The skies are clearing…

I’m at a lost when it comes to what I want to write about these days. I thought maybe I would go back to talking about Mew (again), or gush inappropriately about Michael Cera, my latest underaged romance fantasy fix. Then I got a copy of Zounds from the holy folks at Dangerbird Records, and it becomes a slightly different story.

Zounds is the new album from Australian Art-pop/Prog-rock indie darlings, Dappled Cities (Fly). I do not know why they dropped the “Fly” from their name eventually, maybe because they just stopped caring?

The thing is, if I were to hear Zounds in a cafe, I would have thought they were someone else altogether. The music is sometimes akin to The Arcade Fire (The night is young at heart), The Walkmen (Stepshadows), with an echo of Grizzly Bear in Wooden Ships and a little dash of Interpol (Don’t stop there, Miniature Alas). It’s a little bit of everything rolled up in one, like a neopolitan indie love fest.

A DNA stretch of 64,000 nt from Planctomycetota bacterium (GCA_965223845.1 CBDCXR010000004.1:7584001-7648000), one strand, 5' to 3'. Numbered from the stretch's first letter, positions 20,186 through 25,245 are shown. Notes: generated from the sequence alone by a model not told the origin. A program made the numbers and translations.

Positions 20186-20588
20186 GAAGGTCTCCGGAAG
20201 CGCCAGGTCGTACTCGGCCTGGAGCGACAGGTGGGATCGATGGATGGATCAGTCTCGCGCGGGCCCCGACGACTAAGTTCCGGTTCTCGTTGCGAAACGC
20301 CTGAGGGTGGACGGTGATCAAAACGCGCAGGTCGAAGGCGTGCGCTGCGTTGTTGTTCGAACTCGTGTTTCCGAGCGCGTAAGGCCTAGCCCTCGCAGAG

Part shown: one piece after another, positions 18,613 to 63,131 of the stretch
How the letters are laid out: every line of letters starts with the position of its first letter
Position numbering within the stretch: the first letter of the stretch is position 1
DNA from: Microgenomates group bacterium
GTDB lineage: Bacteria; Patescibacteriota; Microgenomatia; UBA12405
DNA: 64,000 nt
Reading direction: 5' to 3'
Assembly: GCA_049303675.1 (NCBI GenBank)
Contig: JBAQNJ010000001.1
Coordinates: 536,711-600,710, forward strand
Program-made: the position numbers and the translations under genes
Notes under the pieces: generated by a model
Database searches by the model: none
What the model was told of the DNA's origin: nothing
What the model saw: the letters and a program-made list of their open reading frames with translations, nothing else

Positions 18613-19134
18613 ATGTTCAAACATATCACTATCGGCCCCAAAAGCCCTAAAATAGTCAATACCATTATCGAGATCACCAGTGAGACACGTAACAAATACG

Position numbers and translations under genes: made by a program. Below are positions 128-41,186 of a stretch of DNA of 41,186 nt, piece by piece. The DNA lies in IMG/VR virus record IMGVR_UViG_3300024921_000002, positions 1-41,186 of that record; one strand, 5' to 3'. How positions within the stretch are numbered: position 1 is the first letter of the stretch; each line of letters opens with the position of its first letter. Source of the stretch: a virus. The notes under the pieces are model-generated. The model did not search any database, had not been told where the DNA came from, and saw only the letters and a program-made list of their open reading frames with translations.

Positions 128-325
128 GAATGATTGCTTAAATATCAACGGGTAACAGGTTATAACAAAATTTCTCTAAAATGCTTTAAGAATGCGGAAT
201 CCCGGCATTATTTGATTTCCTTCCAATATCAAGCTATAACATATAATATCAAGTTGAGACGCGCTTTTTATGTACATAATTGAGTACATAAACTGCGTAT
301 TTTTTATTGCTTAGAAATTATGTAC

Thoughts about originality aside, this is one impressive love fest. The album is best at its most foggy bits and this is perfectly illustrated in the murky track, Wooden Ships, a song with a dramatically enveloping sound, sending out stereo waves at dark, charismatic frequencies. In Stepshadows, the vocalist sings like a tired man exasperated by the pleasures before his eyes, unveiling a nice little Tim Burtonesque/Edward Scissorhands  moment in the album

Despite being somewhat boring at times, there are no shortages of angsty strings, emo time signatures and salty synthesizers. A few surprises lend a defining hand to the bands’ overall talent of mixing the cosmically cool with a good spirit. With tracks like Hold your back, Don’t stop there and Middle People,  you’re listening to some earnest, down-to-earth music, but then out of nowhere, you see Keyboard Kat playing in the background.

Though Zounds is somewhat of a dark album, at the end of it, Dappled Cities have broken new ground by clearing up the indies skies a little, sending out a big message on how to lose some of the wires, but bring back more of the fire.

 Picture taken from


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